Old Habits Die Hard

For the past month, I’ve been posting about our adventures in selling a house in the midst of the worst economic situation that our nation has faced since the Great Depression.  In the midst of multiple showings, trying to keep the house staged with two adorable yet messy daughters, an open house, and tons of conversations with our realtor, I’ve had to come to grips with the fact that some old habits die hard.

Mine, as the cartoon above suggests, is worrying.

This is one of the risks that come with moving out of your comfort zone to do what God has called you to.  Your faith works a few muscles that haven’t been pushed in awhile, and you end up a little sore.  That’s happened to me in the past month.  I find myself worrying about several things…

  • Will the house sell?
  • Will it sell for what we’re asking?
  • Will we have to put a ton of money into something in order to sell it?
  • Will we find a house in Greenville that meets our needs, but isn’t extravagent and too expensive?
  • Will we find jobs?
  • Correct that last one–will I find a job?  Laura won’t have a problem.  But what if she does?
  • I’ve got a job interview–what will I tell them if they ask me for a starting date?

And that’s just for starters.  Old habits really do die hard.

I honestly believe that God’s timing for everything is perfect.  Our house will sell for the right price (according to God).  We will move at the right time (according to God) and in the right way (according to God).  I really want to develop the patience to trust Him.  I know that a year down the road, I’ll look back and laugh.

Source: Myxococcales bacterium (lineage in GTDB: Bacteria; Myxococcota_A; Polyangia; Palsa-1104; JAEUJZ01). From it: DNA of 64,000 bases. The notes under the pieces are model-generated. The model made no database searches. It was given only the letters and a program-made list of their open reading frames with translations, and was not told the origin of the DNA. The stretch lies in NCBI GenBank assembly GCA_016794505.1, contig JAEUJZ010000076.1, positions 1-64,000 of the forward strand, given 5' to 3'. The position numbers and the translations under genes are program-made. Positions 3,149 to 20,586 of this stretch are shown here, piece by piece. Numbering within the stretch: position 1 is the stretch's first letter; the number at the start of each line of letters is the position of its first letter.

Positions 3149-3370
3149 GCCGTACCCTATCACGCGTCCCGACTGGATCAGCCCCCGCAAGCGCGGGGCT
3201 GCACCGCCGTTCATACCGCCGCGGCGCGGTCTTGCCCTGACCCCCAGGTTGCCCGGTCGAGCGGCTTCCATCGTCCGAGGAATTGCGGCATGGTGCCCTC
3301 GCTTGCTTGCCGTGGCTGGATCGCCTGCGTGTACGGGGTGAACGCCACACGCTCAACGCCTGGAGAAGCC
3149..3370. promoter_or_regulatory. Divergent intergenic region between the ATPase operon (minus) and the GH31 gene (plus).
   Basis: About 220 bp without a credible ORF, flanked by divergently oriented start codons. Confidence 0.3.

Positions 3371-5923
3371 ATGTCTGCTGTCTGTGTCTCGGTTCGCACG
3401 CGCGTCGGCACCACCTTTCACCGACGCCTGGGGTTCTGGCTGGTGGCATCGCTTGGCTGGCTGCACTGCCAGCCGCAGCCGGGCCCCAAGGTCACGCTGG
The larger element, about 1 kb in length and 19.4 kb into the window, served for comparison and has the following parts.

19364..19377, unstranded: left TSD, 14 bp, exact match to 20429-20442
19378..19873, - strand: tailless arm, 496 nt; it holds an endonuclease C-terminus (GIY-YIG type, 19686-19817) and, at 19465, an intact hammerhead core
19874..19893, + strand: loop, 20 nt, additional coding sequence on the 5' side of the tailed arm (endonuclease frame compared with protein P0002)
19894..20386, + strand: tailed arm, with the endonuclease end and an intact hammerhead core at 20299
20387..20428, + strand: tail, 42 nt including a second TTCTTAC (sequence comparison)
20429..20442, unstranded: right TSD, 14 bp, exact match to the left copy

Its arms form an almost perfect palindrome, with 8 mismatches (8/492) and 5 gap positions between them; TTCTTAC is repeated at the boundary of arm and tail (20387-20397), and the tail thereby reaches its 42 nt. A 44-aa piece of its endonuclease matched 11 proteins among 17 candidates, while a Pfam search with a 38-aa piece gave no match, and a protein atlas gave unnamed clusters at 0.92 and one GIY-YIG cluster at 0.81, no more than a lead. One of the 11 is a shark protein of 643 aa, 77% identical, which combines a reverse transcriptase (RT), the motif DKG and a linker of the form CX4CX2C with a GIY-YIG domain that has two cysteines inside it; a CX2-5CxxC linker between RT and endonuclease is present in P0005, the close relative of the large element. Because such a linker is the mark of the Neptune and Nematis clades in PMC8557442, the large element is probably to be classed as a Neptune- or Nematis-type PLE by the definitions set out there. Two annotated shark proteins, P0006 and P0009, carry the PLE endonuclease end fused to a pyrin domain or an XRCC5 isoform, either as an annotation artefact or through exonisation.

But that’s in a year.  And what happens if we’re still here in a year (see… there I go again)?

The old adage is true:  worrying is like a rocking chair–it gives you something to do, but it’ll never get you anywhere.  I’ve been praying a lot about this lately, about how I’ve tried to pray the right words or do the right thing that will move God to do His thing.  How retarded is that?  Like little insignificant me can force God to do anything.  I’ve found out that I’ve got a lot of repenting to do, and a lot of letting go to do.  All of these things I’m worrying about are out of my control.  They really are in His control.

Instead of trying to pray the “right thing”, maybe I should pray about my fear.  Maybe I should pray about my doubt.  Maybe I should pray about my faith (or lack of).  Maybe I need to pray for the strength to murder this sin of worry and put it to death instead of trying to manage it.

Maybe I need to believe and live out what the Bible says in James 1:2-4,

Consider it all joy, my brethren, when you encounter various trials, knowing that the testing of your faith produces endurance.  And let endurance have its perfect result, that you may be perfect and complete, lacking in nothing.

Joy in trial (and trying to sell a house and move really isn’t that big of a trial), testing that produces endurance, endurance that produces maturity. 

That’s a habit I could live with.


About Aaron

Aaron is a follower of Jesus. He's married to his smokin' hot wife Laura and is the father of three adorable girls. He enjoys a robust cigar, a complex root beer, a good movie, writing, football, thought-provoking books, and rousing discussions about subjects you're not supposed to talk about (like theology and politics). Religious people irritate him (because he once was one). He's on a quest to find the perfect dry rub and sauce for ribs.
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